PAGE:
Beijing has been selected to host the 2022 Winter Olympics, becoming the first city to be awarded both the winter and summer games.
The Chinese capital narrowly defeated Kazakhstan's Almaty in a vote of the International Olympic Committee despite its lack of natural snow. Friday's vote was surprisingly close: 44-40.
Beijing was seen by the IOC as a safe, reliable choice that also offered vast commercial opportunities in a new winter sports market of more than 300 million people in northern China.
Beijing mayor Wang Anshun heralded "a remarkable day for Beijing and for the Olympic movement" on Friday after the Chinese capital won the right to host the 2022 Winter Games.
"This day will go down in history," Wang told reporters.
"The first time in Olympic history that a city will host both a summer and a winter Olympic years. In 120 years this is unprecedented. We are overwhelmed."
Almaty had hoped to bring the games to Central Asia for the first time, but was a lesser-known quantity and viewed as a riskier choice by IOC members.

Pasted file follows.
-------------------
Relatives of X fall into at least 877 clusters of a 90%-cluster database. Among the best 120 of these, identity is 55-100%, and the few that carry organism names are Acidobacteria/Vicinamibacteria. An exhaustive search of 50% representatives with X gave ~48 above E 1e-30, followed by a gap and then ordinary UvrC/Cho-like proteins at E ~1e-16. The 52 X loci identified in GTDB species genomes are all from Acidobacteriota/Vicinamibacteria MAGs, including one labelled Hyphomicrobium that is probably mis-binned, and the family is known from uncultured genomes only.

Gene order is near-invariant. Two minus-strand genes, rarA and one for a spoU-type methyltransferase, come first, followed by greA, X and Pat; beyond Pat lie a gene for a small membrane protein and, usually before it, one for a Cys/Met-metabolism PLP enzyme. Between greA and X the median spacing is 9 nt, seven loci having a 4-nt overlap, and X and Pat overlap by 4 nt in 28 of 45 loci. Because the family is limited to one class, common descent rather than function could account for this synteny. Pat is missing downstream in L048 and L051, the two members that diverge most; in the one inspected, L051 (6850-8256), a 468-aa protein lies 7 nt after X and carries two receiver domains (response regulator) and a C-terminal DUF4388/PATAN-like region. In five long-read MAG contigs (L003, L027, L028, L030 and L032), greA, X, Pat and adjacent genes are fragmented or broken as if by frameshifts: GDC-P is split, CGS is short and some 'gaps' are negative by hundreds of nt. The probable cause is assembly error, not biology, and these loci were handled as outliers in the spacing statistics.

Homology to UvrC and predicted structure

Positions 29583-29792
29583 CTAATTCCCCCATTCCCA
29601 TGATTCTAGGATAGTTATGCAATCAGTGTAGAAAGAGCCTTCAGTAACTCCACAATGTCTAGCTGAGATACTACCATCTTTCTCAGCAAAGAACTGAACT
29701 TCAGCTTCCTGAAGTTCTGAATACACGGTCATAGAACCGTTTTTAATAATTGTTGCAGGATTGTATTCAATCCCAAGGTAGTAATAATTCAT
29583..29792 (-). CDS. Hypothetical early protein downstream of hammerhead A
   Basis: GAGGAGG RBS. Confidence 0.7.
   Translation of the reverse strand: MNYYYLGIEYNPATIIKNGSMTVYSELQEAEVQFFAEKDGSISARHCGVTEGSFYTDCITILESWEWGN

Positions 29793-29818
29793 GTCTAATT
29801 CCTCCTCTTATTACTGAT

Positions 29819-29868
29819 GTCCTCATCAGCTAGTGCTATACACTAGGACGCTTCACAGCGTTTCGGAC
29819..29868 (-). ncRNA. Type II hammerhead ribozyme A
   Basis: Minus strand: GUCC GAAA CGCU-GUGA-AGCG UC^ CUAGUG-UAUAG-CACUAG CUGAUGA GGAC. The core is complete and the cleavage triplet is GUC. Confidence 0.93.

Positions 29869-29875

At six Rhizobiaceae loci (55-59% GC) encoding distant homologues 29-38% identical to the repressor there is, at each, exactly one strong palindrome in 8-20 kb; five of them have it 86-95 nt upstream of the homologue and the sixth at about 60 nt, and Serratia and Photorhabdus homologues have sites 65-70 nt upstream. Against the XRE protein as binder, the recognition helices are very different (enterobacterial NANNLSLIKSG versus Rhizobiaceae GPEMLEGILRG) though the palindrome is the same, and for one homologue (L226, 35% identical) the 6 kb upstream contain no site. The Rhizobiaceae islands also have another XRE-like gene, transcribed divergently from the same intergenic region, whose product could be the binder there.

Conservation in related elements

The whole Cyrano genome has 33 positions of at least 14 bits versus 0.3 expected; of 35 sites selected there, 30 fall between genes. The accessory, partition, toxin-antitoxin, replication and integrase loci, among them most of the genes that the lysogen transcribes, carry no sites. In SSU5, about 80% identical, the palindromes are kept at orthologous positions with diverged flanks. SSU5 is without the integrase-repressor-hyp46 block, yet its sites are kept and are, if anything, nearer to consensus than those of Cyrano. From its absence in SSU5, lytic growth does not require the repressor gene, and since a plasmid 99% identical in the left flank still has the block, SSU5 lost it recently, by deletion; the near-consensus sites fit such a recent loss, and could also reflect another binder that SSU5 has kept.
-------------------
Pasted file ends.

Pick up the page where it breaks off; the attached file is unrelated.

Kazakh Prime Minister Karim Massimov made a last-minute impassioned plea for the IOC to be "brave" and give the games to his country, but it was not enough.
"Almaty is not a risky choice for 2022," Massimov told the IOC delegates. "In fact, we are quite the opposite. ... We are a golden opportunity to prove that smaller, advancing nations can successfully host the Winter Games."
Almaty portrayed its bid as one that goes back to the tradition of the Winter Games, showing videos featuring towering peaks and deep snow and stressing that all venues are within a 30-km radius.
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China's size and political and economic might was a big advantage against its northwestern neighbour, which became independent in 1991.
Beijing and Almaty had both been considered longshots when the 2022 bid race opened two years ago. But they were the only two candidates left after four European cities - including Oslo and Stockholm - pulled out for political or financial reasons.
The secret vote was conducted by paper ballot, after the first electronic vote experienced technical faults with the tablets.
Beijing plans to use several venues from the 2008 Olympics, including the "Bird's Nest" stadium and "Water Cube" arena.
But the snow and sliding events would be at venues in Yangqing and Zhangjiakou, 60 and 140 km outside Beijing. A planned high-speed rail line to Zhangjiakou is supposed to cut travel time to 50 minutes.